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Built around 1870, this Victorian-style house was home to George and Emma Merritt. Both of the Merritt's were doctors, and practised medicine in their home. Emma was a very significant figure in the women's movement. In 1913, the Merritt's moved, and their home became a boarding house.


  • Dallam-Merritt House

The Dallam-Merritt House is a three story detached house in Pacific Heights, designed in the Italianate style with rustic V-groove siding. The most striking feature is the unusual round-gabled concave Mansard roof, covered in alternating bands of scalloped shingles. This roof is so unique that it became a stand out characteristic of the house, making it easily recognisable across the city.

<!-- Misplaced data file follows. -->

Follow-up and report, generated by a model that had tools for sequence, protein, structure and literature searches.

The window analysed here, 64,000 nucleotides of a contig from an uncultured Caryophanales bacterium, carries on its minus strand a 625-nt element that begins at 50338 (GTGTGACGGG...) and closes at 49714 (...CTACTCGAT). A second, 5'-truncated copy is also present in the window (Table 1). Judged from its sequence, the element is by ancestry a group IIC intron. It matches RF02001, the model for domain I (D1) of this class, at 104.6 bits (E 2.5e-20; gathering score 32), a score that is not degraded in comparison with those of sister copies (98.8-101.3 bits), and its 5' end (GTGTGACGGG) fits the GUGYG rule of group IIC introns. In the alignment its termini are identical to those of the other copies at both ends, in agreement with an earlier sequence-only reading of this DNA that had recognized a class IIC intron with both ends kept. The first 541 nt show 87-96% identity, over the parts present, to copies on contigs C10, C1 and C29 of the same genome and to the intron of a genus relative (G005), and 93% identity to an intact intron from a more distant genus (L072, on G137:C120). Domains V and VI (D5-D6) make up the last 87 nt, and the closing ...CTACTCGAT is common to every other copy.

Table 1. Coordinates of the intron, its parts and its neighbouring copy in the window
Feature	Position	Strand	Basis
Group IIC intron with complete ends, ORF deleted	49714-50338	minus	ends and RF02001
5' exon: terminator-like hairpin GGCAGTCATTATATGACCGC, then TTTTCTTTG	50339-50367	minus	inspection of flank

Since its construction in 1870 the house has undergone many changes. In 1900 Drs. George and Emma Merritt moved the house about a mile and a half from the northeast corner of Butter and Mason, where it had faced south, to its present site facing north, and remodelled it. They both lived and practised medicine in the house and it is thought that they moved it as a way to escape the increased commercialization of Sutter and Mason.

Later additions include a detached 1934 frame garage at the lot's south east corner, a carport next to it from an uncertain date, and a 1982 rear wooden staircase to the third floor. Between about 1910 and 1940 there was some now-vanished structure in the slot between the house and the west lot line; all that remains of it now is an independent entrance to the former basement ballroom, flanked by a half-columnn and a half-pilaster which nearly match those of the portico 

National Register #84001185 Dallam-Merritt House. Noe Hill. Accessed March 23, 2017. http://noehill.com/sf/landmarks/nat1984001185.asp.


National Register of Historic Places Inventory—Nomination Form. United States Department of the Interior National Park Service. March 23, 1984. Accessed March 23, 2017. https://npgallery.nps.gov/GetAsset/c65962ef-e086-4c79-885a-45e2101f4730.